I have to be up front and admit that I’ve never been a fan of Joel Osteen as a teacher. I know he has a huge following but a huge following doesn’t prove that he’s a sound teacher regarding the truth. Although it does mean that people find his message and/or his style attractive.
I’m not fond of him because I think his message, whether he intends it to be this way or not, is geared toward the proclaiming the good news of the Christian message at the expense of neglecting the bad news. Nobody’s really fond of the bad news but the good news really isn’t good news unless the bad news is understood. I’ll be much more likely to follow through with my doctors prescription if instead of telling me “it’ll make you feel better” he informs me that while I may feel fine now I have a great deal of pain ahead of me if I don’t follow his advice and I’ll be fine if I follow the prescription. Now all of a sudden the good news makes sense. This bad news good news pattern is found throughout the book of Acts and is the foundation for effectively communicating the good news of Christ and the mission He completed on earth.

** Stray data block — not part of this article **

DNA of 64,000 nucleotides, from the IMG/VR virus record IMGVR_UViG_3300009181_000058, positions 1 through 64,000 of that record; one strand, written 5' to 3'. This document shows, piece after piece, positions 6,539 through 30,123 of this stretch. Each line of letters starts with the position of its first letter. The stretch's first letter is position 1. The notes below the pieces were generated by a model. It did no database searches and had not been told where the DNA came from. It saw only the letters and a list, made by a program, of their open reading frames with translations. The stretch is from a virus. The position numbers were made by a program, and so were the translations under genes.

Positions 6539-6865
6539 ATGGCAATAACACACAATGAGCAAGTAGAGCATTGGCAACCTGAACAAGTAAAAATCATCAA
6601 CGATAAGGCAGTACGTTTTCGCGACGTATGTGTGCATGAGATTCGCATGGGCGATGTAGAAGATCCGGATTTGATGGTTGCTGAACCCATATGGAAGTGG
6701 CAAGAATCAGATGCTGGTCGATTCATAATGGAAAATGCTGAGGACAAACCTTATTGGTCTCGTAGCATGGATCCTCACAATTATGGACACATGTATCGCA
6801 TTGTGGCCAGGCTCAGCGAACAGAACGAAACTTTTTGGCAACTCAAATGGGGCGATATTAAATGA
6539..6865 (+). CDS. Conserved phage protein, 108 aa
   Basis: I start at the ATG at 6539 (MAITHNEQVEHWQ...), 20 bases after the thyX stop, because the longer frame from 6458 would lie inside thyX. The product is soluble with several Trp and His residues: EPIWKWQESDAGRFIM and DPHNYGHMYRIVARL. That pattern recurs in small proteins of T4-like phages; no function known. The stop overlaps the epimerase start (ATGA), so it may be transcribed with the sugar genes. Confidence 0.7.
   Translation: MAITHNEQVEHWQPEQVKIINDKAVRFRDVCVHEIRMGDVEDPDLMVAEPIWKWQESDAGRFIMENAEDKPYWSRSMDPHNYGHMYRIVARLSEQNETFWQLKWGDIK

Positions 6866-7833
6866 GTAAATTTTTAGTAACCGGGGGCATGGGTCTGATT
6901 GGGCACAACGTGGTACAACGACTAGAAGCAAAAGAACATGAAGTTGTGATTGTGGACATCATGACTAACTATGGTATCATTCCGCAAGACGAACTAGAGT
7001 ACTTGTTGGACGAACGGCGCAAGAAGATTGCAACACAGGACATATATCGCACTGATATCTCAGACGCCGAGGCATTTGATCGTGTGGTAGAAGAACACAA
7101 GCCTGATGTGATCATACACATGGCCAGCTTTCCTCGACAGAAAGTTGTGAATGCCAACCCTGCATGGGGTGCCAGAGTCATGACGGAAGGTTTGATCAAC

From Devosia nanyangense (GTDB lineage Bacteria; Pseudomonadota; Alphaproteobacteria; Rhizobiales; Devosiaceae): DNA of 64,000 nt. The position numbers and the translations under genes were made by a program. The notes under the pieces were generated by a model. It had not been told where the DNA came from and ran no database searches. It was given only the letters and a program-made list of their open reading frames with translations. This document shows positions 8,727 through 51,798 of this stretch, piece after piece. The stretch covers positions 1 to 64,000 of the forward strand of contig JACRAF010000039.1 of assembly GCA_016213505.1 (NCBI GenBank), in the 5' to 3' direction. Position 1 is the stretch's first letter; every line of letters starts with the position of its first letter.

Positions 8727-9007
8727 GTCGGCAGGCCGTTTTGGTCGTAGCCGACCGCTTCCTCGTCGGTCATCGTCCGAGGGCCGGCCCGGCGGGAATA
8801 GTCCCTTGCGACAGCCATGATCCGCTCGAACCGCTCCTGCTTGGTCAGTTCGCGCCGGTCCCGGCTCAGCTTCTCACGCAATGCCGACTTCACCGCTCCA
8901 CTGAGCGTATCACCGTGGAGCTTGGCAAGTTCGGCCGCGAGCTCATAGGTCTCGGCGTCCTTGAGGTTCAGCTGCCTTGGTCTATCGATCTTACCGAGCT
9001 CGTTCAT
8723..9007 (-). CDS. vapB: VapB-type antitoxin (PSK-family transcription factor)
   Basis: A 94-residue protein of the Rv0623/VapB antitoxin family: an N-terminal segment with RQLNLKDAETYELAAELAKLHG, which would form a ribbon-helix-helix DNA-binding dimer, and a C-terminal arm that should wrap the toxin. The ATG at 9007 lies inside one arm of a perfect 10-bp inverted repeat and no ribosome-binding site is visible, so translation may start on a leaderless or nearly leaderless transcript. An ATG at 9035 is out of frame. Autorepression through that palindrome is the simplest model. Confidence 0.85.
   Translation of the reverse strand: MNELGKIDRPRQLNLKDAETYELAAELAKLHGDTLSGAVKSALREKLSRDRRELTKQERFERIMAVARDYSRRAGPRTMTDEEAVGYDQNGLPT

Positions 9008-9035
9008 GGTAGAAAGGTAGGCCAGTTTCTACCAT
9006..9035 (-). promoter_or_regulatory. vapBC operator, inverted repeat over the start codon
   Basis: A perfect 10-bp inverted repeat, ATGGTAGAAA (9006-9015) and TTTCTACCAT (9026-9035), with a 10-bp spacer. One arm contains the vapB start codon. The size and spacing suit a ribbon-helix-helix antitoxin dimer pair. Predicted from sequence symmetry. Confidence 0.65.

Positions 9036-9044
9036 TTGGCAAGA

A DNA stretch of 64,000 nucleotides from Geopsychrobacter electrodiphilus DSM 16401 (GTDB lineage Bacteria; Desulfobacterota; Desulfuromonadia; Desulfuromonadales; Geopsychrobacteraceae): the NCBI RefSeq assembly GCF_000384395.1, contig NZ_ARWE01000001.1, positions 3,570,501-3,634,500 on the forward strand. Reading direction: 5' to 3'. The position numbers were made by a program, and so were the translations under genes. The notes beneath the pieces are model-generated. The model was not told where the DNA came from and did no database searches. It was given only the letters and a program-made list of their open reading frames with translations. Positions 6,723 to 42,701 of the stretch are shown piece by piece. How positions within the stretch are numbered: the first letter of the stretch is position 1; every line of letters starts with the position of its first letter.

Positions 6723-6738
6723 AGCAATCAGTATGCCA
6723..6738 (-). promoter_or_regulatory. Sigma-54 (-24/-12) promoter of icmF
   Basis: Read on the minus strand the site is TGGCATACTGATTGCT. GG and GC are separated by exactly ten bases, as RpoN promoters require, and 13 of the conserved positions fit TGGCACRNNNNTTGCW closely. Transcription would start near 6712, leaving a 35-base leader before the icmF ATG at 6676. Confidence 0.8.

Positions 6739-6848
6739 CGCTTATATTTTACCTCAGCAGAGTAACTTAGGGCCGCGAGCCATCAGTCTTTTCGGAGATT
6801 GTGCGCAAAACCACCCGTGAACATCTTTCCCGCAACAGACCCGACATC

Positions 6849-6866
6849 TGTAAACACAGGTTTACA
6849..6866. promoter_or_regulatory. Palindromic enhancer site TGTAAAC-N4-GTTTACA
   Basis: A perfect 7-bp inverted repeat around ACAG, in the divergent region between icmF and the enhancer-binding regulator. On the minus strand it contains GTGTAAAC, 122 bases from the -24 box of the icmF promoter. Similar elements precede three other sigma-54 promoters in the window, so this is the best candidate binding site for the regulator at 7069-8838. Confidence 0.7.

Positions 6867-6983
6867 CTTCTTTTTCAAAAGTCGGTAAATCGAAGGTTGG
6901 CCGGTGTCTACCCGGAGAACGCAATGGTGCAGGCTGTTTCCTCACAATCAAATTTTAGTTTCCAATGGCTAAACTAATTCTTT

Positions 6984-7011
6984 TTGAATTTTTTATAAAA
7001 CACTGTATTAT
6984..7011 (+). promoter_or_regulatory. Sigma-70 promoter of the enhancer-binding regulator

I thought it was funny then when I came across a blog entry about televangelists from an atheist (Hemant) whose blog I read from time to time. He lists his top 5 from the perspective of how entertaining they are and his #1 televangelist is Joel Osteen.
Hemant says he likes Joel because, “He just tells you how to use Christian morals to live your life positively…Sure there’s a Bible verse thrown in there every now and then, and sometimes he does talk about waiting for God to answer your prayers…but still. You can ignore those bits and get to the secular message pretty often.”